No One Is Beyond Hope

That was quite a warning in the last post about the perils of facing a just God!  It is now followed in Hebrews 11-13 with a great encouragement that no one is beyond hope.  When someone points out your sins and weakness, learn to balance that with the hope of the gospel and the comfort and strength that comes through grace.

The author of Hebrews was preaching a sermon to those who knew their Old Testament well.  Now they were told that the Old Covenant shrinks in comparison to the New.  In the New Covenant your sins are forgiven and will not be remembered or ever used against you.  God’s laws will be in your heart and mind.  You will want to please God.  They all knew his quote from Jeremiah very well:

‘This is the covenant that I will make with them after those days,’ saith the Lord, ‘I will put My laws into their hearts, and in their minds will I write them; And their sins and iniquities will I remember no more’ (Hebrews 10:16-17).

This is so wonderful…forgiveness and a clean slate!  In addition, the author told them that God would work in them what is well-pleasing to Him through Jesus Christ! (Hebrews 12:20-21). Not only would what pleases God be in your mind, but He would actually, through the power of Christ, give you the grace to change and grow.  Why no one is beyond hope!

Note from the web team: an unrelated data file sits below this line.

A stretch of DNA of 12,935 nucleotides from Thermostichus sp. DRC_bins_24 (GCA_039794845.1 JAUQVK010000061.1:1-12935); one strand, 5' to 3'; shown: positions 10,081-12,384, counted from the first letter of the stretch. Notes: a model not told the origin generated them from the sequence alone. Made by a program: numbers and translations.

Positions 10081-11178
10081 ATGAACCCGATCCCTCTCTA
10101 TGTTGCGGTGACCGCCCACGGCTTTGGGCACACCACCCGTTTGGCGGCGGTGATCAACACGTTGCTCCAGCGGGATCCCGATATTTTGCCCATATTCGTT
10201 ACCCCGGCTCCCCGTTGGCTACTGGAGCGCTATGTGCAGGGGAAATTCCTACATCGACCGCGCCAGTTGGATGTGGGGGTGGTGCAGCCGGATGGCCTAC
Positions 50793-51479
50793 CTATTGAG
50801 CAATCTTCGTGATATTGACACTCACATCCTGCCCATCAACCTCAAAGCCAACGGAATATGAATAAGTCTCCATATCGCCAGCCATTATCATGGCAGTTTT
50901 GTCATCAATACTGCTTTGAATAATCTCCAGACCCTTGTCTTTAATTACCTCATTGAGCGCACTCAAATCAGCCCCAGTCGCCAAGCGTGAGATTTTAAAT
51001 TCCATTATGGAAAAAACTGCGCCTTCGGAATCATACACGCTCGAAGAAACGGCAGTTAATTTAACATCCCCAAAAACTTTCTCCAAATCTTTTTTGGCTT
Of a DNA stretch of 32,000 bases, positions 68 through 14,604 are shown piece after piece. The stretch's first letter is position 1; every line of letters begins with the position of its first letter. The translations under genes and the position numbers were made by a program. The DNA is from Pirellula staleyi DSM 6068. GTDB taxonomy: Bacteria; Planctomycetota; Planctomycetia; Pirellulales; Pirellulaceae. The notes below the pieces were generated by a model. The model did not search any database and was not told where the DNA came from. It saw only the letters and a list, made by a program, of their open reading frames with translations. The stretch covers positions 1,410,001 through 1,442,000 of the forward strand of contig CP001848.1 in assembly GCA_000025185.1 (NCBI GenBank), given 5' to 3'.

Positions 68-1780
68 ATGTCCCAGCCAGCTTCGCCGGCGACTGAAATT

Once this is understood, the author lays out six ways to live (Hebrews 13). (It has a lot of similarities to “The Simple Life” from I Thessalonians 4.)

  1.  Love others–even strangers, imprisoned, and those with troubles. Share and do good.
  2.  Sex is exclusively between a husband and wife; no other partners before; none during the marriage (13:4).
  3. Be content with your life because God is with you!
  4. Watch how your leaders and teachers live and imitate and honor them, remembering that Christ is the ultimate unchanging example.
  5. Keep believing right doctrine without relying on rituals.
  6. Bear the disgrace of following Christ.
  7. God will work in you what is well-pleasing to Him through Jesus Christ and for His glory.

No one is beyond hope with this kind of forgiveness and help.  We can live simply even during these fast- paced days of constant interruption and visual stimulations via our technology. It is a simple life (not a perfect one!) made possible by His grace and for His glory.

Now the God of peace, that brought again from the dead our Lord Jesus, that great Shepherd of the sheep, through the blood of the everlasting covenant, make you perfect in every good work to do His will, working in you that which is well-pleasing in His sight, through Jesus Christ; to whom be glory forever and ever. Amen. (Hebrews 13:30-21).

 

About Carol Brandt

I earned a B.A. in History from Florida State University and M.Ed in.Higher Education from Florida Atlantic University. I taught high school social studies before “retiring” to full-time homemaking and raising two daughters. Now I love being a grandmother to four boys and a girl. I have also raised five collies.

My husband, John, was an optometrist, who worked tirelessly for his profession through private practice and as a consultant, and served on the Board of Trustees of Illinois College of Optometry for twenty years.

Ernest Reisinger was my chief mentor in this warm-hearted application of Calvinism. He gave me many books! The Founders Journal and Founders Conferences, Martyn Lloyd-Jones, and Charles Spurgeon have been other sources of Reformed thinking as well as the other warm-hearted ones listed in my book, “Warm-hearted Calvinists.”

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